Choosing to fight cancer in every direction involves multiple strategies that can help strengthen your body while weakening the cancer cells. One strategy to consider is adding natural supplements that have evidence-supported anticancer benefits, including ginseng.
So, in Part 1 of this series, we looked at what ginseng is, and how it can weaken cancer cells. We saw how ginseng impairs cancer cell metabolism through different mechanisms. Without metabolic functions to efficiently convert nutrients (like sugar, fat, and protein) into energy, cancer cells can’t continue growing.
We also covered how to take ginseng (common dosage, possible precautions, and interactions).
Now we’ll look at how ginseng can interfere with a tumor-promoting process known as autophagy (“self-eating”) and the research behind this.
Read on to learn more about ginseng’s anticancer benefits in today’s post.
What is Ginseng?
To quickly review what we learned in Part 1, ginseng is a plant, and its roots contain substances known as ginsenosides. There are two main ginseng species used for their medicinal benefits: Panax ginseng and American ginseng.
Today, ginseng is commonly found in many energy drinks. But some other ingredients (added sugar, caffeine, artificial sweeteners) in these beverages have risks that often outweigh any health benefits .
Ginseng has become an interesting topic for cancer researchers because of its adaptogen ability. An adaptogen is defined as :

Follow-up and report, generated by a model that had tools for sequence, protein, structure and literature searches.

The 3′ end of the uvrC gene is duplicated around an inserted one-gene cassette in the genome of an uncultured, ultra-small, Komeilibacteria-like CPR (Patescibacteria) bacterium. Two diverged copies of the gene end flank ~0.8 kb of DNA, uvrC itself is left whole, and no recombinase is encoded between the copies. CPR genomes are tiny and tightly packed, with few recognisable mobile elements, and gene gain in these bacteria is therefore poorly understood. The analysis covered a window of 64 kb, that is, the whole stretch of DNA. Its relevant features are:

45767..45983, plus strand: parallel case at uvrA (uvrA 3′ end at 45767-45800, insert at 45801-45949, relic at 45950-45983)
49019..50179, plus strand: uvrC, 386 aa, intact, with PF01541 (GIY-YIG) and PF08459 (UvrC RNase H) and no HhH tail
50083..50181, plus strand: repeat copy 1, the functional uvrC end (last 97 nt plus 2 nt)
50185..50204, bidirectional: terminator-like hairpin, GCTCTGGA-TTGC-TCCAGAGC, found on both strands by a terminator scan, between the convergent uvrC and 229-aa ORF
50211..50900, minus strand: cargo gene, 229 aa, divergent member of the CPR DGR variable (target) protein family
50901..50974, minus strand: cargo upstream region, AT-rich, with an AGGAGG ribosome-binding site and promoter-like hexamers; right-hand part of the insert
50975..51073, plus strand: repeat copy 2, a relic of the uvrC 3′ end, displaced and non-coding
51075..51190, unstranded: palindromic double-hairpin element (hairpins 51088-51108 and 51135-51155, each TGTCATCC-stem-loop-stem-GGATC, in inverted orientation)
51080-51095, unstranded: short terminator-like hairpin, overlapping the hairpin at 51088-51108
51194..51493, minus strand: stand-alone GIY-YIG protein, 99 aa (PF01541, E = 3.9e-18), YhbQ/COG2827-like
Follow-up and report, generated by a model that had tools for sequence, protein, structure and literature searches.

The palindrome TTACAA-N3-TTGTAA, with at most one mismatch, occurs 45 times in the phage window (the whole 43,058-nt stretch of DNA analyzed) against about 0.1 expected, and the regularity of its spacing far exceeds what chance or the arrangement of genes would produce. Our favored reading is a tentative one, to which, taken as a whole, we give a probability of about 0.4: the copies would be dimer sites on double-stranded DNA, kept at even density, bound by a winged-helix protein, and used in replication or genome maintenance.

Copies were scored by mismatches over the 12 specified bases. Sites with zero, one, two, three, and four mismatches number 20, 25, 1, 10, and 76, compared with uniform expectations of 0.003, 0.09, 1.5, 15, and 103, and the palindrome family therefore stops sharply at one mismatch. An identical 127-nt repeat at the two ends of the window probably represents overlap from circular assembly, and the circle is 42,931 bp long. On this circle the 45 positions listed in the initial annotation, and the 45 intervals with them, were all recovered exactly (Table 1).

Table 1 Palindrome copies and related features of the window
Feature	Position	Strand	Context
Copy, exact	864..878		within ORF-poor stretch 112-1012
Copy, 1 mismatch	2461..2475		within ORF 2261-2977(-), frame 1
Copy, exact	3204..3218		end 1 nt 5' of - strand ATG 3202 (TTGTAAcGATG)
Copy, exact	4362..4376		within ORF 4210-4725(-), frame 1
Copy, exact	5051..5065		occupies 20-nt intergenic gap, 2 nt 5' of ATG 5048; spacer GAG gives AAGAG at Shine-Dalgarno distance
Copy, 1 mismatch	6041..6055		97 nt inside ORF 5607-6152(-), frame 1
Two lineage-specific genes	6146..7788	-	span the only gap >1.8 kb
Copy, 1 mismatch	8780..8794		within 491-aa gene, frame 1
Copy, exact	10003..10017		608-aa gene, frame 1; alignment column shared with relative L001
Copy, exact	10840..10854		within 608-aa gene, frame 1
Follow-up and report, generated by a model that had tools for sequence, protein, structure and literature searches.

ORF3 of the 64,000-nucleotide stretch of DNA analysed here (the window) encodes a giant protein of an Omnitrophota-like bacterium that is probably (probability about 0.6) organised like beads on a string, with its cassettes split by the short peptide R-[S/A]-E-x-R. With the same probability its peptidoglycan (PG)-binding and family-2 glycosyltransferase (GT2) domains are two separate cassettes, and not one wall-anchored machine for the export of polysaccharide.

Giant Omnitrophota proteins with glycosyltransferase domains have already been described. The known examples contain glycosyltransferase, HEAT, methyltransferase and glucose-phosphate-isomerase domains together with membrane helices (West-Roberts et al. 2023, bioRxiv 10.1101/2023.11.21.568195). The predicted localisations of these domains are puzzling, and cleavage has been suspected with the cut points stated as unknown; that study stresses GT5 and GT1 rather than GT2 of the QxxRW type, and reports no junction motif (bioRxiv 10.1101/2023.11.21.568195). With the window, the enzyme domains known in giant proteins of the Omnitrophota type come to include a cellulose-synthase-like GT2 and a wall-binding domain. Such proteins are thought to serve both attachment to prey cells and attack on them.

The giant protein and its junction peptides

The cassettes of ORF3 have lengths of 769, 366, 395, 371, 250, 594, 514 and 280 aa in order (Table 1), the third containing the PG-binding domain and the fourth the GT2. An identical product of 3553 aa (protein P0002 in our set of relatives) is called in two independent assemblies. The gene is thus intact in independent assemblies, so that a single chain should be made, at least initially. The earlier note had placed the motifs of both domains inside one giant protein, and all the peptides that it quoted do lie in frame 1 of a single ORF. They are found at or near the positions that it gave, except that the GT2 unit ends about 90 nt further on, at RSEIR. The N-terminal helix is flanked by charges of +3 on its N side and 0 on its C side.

“a plant extract that is held to increase the body’s ability to resist the damaging effects of stress and promote or restore normal physiological functioning.”
In Part 1, we looked at the many ways that ginseng may exert anticancer actions on cancer signalling processes and how a ginseng supplement may enhance your overall treatment program.
Now we’ll go on to look at how this natural compound may also interrupt a cell renewal process called autophagy.
Ginseng Can Interfere with Tumor-Promoting Autophagy
Recent research shows that ginseng may play a role in autophagy, a cell renewal process. “Auto” means self, and “-phagy” means eat. So the literal meaning of autophagy is “self-eating.”
Autophagy is the body’s way of recycling old, damaged cells into new, healthy cells. This process breaks down old or damaged cells into pieces. Then the salvaged parts are used to construct new cells .
In some situations, autophagy seems to be protective and acts to suppress (stop) tumor growth. The body’s healthy cells sometimes remove cancerous cells through autophagy.
However, with cancer, autophagy seems to be a double-edged sword. Autophagy can also promote tumor growth by preventing cancer cells from dying. Cancer cells may use autophagy to salvage cell parts, including proteins, or break them down into amino acids, and use them as energy sources. As well-stated by researchers Hanahan and Weinberg:
Autophagy is a multi-step process. The first step is the formation of structures called autophagosomes. Autophagosomes are vesicles that contain enzymes and look sort of like bubbles. These vesicles attach themselves to the outside of a cell’s membrane. They fuse with the cell and engulf the cell’s organelles (miniature organs that have various functions).
Next, the autophagosome’s enzymes digest the organelles into pieces. Lastly, these pieces are transported to where they can be used as replacement parts in cancer cells or get converted into energy. So, in this way, autophagy could help tumors grow and spread.